## 1 Introduction

All-dielectric photonics [1], [2] is arguably the most rapidly evolving field of modern nano-optics. The basic component in all-dielectric photonics, a dielectric nanoantenna, supports optical Mie resonances [3], with properties that can be flexibly controlled by the geometry of a nanoantenna. In particular, the variation of its shape allows changing the nature of the lowest energy optical resonance from electric dipole to magnetic dipole [4], [5], the functionality inaccessible in plasmonic devices. With the current stage of technology, the fabrication of specifically designed arrays of resonant antennae with finely controlled shape and lattice geometry became a routine task, which paved the way toward unprecedented control over linear [6], [7], [8] and nonlinear [9], [10] light manipulation.

The key factor defining the functionality of resonant all-dielectric nanostructures, besides their shape, is the value of the refractive index of the material forming resonant nanoantennas. Indeed, the quality factor of the fundamental Mie resonance scales is

While virtually purely real refractive indices

*η*becomes small, as it happens in materials with flattened valence and conduction bands. This situation takes place in

## 2 Theoretical model

We start from considering a simplified model of interband polarization in bulk material and show that the condition of the weak dependence of the bandgap on the wave vector in the whole Brillouin zone (BZ) (the extreme case being a material with flat bands) results in a high value of optical susceptibility close to the absorption edge.

*f*is the Fermi–Dirac distributions,

*D*is the lattice period. We limit ourselves to the case of single conduction and valence bands separated by the bandgap

*P*are directly related to each other. This can be easily seen if we use

*χ*on the bandwidths is therefore determined by the competition between the numerator and denominator in Eq. (4).

*η*, as it contains the universal decaying function of this parameter. Therefore, although the matrix element of the interband transition decays with decrease in

*η*, maximal values of the susceptibility should be still expected for materials with small

*η*, i.e., for those having large gap and narrow conduction and valence bands.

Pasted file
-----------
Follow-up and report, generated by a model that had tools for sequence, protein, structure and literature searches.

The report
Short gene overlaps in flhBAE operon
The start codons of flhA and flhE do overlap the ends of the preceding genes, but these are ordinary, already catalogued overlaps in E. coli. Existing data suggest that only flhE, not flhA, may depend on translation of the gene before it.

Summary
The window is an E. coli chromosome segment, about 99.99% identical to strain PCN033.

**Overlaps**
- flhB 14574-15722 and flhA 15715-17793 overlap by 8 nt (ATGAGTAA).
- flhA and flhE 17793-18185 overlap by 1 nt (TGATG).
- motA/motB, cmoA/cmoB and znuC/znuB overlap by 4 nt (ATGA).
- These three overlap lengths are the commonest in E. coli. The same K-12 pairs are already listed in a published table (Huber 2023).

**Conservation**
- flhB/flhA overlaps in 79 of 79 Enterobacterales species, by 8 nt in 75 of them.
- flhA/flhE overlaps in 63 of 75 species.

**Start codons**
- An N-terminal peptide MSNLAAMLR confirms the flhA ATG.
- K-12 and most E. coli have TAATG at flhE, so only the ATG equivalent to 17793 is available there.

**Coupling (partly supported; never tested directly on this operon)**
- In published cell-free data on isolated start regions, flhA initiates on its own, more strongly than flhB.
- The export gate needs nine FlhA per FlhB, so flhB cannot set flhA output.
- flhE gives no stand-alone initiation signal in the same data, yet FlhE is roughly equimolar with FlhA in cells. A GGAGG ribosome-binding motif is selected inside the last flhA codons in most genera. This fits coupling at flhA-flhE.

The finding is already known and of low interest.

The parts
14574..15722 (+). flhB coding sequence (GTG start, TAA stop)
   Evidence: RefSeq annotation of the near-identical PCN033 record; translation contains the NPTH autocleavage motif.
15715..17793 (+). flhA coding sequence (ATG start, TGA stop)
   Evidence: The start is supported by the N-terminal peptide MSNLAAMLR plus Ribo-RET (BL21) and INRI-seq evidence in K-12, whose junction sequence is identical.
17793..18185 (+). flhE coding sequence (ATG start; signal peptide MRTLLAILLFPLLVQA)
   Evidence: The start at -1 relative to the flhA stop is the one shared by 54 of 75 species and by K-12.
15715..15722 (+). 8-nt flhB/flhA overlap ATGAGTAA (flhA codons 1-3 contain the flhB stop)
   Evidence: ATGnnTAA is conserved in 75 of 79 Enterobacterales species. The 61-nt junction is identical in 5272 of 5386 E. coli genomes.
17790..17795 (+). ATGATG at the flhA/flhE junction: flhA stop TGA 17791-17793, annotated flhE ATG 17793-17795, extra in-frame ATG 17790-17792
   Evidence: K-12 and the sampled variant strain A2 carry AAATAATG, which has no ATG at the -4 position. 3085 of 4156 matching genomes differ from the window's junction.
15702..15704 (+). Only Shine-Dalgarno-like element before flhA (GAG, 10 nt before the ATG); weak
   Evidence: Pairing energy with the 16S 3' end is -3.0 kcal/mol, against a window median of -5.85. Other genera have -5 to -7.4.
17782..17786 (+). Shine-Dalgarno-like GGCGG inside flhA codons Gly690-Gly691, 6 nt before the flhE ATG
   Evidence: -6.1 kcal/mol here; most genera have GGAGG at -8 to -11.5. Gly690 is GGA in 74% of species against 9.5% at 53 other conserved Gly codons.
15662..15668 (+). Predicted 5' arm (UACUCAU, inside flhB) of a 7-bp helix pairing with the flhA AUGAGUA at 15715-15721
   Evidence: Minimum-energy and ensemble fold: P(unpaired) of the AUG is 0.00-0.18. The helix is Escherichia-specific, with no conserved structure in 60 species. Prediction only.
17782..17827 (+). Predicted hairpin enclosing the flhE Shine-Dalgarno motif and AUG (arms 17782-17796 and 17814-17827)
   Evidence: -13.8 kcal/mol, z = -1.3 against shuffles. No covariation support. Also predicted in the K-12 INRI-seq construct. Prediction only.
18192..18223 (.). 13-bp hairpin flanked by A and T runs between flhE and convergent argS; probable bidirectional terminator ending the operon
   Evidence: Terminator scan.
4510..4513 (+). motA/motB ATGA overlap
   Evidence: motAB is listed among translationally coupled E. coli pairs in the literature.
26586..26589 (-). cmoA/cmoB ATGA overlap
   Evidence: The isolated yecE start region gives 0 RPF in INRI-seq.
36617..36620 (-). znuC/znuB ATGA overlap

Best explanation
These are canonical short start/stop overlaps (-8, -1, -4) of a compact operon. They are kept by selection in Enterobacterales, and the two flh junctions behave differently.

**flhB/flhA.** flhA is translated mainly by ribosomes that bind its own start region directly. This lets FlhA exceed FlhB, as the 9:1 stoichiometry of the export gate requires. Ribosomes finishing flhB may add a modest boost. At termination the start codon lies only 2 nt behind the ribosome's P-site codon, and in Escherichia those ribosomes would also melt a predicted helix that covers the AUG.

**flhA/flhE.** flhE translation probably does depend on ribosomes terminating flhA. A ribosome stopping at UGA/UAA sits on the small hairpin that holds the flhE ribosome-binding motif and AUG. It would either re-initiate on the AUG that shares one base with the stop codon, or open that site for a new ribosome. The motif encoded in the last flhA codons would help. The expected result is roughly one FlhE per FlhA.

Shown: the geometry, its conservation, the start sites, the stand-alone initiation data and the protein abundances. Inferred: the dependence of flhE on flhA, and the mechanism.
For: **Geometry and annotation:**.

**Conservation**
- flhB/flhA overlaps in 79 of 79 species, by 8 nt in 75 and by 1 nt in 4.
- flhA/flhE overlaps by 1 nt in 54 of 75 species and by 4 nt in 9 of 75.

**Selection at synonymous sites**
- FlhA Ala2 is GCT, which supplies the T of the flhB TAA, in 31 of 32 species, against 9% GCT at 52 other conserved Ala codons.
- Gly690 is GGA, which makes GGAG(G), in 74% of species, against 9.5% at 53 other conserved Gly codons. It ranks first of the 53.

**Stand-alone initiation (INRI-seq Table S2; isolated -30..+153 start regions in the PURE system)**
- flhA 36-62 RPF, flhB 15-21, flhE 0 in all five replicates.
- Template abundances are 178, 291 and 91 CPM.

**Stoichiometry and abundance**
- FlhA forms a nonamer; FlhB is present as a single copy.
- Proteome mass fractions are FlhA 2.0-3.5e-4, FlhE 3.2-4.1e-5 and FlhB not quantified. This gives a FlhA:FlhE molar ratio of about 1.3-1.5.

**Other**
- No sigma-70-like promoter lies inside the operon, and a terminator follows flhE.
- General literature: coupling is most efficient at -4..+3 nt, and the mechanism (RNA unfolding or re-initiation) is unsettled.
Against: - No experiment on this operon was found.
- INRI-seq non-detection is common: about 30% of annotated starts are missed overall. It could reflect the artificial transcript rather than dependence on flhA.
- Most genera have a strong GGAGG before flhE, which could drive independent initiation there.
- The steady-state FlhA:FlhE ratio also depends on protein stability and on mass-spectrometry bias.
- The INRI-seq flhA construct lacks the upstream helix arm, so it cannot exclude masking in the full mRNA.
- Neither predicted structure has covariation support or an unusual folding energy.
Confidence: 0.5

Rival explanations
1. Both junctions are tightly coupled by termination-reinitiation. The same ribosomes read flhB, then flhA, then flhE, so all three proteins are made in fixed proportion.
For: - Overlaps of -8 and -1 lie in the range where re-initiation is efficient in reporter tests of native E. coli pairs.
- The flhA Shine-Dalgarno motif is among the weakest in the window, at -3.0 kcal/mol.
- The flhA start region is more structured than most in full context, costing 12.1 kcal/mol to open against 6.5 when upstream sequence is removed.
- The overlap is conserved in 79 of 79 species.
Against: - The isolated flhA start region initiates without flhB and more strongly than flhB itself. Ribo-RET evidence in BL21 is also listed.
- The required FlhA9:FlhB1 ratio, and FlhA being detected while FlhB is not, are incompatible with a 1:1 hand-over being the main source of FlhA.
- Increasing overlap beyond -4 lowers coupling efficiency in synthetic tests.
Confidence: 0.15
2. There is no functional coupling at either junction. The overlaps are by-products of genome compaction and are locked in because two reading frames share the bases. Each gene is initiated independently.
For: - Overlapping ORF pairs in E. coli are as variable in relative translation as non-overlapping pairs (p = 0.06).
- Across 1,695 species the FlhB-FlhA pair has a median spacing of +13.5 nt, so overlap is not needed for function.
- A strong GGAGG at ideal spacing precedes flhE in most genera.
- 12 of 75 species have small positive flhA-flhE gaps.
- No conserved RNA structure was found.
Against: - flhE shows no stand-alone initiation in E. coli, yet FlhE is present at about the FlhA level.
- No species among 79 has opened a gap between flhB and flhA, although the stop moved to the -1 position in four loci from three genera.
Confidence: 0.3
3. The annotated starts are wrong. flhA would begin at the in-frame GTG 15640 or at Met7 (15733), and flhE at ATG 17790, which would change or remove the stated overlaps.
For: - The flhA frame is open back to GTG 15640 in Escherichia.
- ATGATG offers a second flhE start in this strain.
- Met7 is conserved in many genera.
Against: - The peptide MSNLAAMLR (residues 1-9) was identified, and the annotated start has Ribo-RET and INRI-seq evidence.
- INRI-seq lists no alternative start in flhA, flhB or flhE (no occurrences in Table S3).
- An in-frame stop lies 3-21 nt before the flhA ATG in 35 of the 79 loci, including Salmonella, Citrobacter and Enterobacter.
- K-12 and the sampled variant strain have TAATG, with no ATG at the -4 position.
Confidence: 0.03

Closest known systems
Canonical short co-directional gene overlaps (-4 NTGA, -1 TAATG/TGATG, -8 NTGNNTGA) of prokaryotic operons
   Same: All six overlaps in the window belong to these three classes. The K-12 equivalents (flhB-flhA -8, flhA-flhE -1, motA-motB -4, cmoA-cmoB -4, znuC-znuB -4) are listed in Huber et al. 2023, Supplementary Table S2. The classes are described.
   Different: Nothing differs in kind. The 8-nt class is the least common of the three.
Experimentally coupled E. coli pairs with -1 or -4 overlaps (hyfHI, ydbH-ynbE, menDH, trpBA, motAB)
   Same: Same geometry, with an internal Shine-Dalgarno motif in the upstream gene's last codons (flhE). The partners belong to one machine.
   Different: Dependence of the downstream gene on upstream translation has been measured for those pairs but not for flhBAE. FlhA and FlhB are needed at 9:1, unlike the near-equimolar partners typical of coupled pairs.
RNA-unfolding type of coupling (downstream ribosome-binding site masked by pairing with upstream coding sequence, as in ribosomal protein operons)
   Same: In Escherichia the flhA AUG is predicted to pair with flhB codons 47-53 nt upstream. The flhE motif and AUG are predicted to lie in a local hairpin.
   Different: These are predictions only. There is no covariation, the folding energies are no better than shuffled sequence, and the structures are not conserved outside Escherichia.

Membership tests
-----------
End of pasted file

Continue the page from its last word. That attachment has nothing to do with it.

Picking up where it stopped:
Fortunately, one can find representatives of this class of the materials, the example being bulk ReSe_{2} [11]. This layered material belonging to the rhenium dichalcogenide family has been gaining recently increasing attention, mainly owing to its pronounced in-plane anisotropy and suppressed interlayer van der Waals coupling [12]. To check the results of our qualitative analysis, in the next section, we provide the data of ab initio modeling of the linear optical response of bulk ReSe_{2}.

## 3 Results of the ab initio modeling

All ab initio calculations were performed using QUANTUM ESPRESSO package [13]. The analysis of the optical response was performed in three steps.

In the first step, we determined the equilibrium positions of the ions in the lattice by full self-consistent geometry optimization within density functional theory (DFT). The top and side views of the resulting structure are presented in Figure 1. The obtained lattice parameters and their comparison to experimental XRD data are given in Supplementary.

In the second step, we employed two different DFT approaches (LDA and GGA) to calculate the three-dimensional (3D) band structure.

In the third step, we calculated the diagonal components of the unit cell polarizability tensor

Most of the previous calculations of the band structure of the considered materials focused only on the dispersion along the special sets of directions, example being the 2D projection into the layers plane [14], [15]. In the other cases, highly symmetric paths were chosen in the 3D BZ connecting 3D special points, without exploring the structure of the whole BZ [16], [17] and thus missing the true band edges, which are crucially important for the determination of the optical response. The possible drawbacks of this approach were analyzed in detail in the recent work [11], wherein the necessity of the calculation of the band energies everywhere within the BZ and determination of the constant energy surfaces was stressed. In the present paper, we used the *k*-path, developed in the study by Gunasekara et al. [11], and calculated the band structure using the following path: –CBM–CBM′–*Z*–*Z*–*Z* point run along the surface of the BZ containing the *Z* point. To find the k-points corresponding to the VBM and CBM, we used the different grids in BZ–6 × 6 × 6 and 7 × 7 × 7. The calculated values of the direct and indirect bandgap are presented in Table 1 and compared with the previously reported data [11], [16].